Racing's Heritage: Winning Both On And Off The Track
The adage is probably as old as stock-car racing itself: Win on Sunday, Sell on Monday. But, is that axiom as pertinent today as it was, say, in the 1960s? Ford, which for the first time in nearly four decades, has introduced an all-new model and gone NASCAR racing with it at the same time, is confident that the answer is yes, if not on Monday, then at least as soon as you're looking for a new car. Fusion replaces Taurus as the Ford entry into NASCAR's Nextel Cup and Busch series, becoming the manufacturer's first all-new nameplate to debut simultaneously on the racetrack and in the showroom since Torino in 1968. Torino's debut 38 years earlier resulted in a driver's championship for NASCAR Hall-of-Famer David Pearson, and more than 2.6 million units sold during its eight-year (1968-75) run. "The great interest in NASCAR racing will help us tie the Fusion name to the Ford brand, and it's only right that we race Ford's newest car in America's flagship racing series," said Marty Collins, General Marketing Manager, Ford Division.
Racing has made good business sense for Ford, dating back more than a century, when company founder Henry Ford raced to prove out his new product, and to gain favorable publicity for his efforts. His victory in his one and only race, in 1901, proved to be the turning point in attracting the investors who helped him start the Ford Motor Company in 1903. "My great-grandfather understood the value of racing, and what it could do for a company," said Edsel B. Ford II, a member of the Ford board of directors and a long-time supporter of Ford's racing programs. "He knew what racing could do, both in terms of technological innovation and marketing.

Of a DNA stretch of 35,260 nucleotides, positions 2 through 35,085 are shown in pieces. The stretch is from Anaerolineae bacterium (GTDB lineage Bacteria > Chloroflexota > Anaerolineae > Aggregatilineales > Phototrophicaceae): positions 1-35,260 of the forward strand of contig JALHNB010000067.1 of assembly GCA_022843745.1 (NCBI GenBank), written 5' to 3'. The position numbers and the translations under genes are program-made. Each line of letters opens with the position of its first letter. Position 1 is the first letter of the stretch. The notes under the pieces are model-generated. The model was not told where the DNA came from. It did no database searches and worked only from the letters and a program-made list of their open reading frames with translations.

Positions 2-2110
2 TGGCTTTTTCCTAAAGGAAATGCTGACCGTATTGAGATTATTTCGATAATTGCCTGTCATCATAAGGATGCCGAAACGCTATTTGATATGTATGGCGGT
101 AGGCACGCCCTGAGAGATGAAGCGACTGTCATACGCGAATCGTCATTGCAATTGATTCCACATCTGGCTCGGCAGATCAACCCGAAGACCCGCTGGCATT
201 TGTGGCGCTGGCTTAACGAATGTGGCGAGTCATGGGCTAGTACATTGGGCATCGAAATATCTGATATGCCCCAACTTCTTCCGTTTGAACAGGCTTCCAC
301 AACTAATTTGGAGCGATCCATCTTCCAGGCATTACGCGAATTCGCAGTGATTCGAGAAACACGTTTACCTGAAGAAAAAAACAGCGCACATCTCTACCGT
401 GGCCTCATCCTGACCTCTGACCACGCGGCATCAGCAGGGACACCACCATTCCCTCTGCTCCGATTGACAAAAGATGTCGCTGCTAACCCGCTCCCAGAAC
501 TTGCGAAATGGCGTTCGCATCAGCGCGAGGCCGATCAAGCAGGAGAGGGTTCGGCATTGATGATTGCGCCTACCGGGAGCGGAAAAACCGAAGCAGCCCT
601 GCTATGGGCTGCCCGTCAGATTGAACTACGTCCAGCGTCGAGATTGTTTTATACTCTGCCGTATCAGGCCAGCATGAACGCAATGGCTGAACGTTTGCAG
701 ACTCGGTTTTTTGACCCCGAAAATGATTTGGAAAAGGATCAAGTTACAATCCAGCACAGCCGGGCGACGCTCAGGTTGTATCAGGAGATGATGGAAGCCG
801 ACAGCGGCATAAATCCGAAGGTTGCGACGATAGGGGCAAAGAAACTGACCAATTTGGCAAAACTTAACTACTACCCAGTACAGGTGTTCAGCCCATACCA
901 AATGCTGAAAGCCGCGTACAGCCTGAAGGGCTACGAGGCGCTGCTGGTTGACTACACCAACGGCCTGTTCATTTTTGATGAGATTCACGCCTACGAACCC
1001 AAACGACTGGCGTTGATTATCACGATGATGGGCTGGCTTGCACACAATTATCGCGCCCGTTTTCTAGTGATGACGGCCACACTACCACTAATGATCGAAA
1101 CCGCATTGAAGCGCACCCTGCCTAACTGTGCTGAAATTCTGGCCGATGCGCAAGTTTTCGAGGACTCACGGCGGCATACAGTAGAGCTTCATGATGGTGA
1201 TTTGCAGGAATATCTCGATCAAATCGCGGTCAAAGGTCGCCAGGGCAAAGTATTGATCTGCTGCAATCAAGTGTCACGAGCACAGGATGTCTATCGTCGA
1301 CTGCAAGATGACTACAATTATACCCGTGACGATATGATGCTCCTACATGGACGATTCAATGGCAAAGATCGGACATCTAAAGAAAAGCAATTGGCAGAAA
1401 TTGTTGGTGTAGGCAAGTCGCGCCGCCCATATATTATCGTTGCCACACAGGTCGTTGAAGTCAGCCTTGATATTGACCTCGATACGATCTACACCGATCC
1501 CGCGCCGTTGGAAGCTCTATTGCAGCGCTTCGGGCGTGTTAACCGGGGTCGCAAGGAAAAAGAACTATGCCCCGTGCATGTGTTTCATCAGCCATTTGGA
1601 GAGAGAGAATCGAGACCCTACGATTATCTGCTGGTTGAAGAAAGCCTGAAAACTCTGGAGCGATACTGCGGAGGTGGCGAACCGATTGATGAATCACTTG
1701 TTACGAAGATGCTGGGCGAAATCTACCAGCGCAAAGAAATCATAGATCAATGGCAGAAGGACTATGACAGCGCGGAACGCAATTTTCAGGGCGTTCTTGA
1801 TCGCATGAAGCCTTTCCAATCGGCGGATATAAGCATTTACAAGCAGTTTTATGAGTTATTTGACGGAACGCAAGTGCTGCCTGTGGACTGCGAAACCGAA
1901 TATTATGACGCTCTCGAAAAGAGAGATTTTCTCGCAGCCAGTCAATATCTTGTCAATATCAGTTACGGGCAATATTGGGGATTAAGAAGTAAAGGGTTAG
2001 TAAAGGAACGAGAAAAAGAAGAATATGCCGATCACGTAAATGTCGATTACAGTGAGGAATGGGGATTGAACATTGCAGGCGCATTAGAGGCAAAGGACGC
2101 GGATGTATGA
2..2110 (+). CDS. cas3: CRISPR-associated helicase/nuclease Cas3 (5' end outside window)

I think he'd be pleased that those are key reasons we still race today." The NASCAR Fusion replaces the venerable Taurus race car, which captured four NASCAR championships (three in Nextel Cup and one in Busch) and 100 Nextel Cup points victories from 1998-2005. It concluded its storied run with a 1-2-3-4 finish at the season-ending Ford 400 at Homestead-Miami Speedway in November 2005, as Greg Biffle scored his series. "We really wanted to send Taurus out with one more championship," noted Dan Davis, director, Ford Racing Technology. "But the time is right to move on to Fusion." The production Fusion aims to emulate Taurus' off-the-track success, too: It was the best-selling car in America for five consecutive years (1992-96), and sold more than 6.5 million units between 1985-2005. Current Ford Racing driver Dale Jarrett, who won a NASCAR championship with the Taurus in 1999 and also is a Ford dealer in North Carolina, is optimistic about the production Fusion. "It's got a very nice driving and handling package, plus the inside is very roomy and the interior is nicely done as well," said Jarrett. "I think this is just what we've been looking for to increase sales.
" Start Your Engines-Fusion, an all-new nameplate, debuts on the racetrack and in the showroom.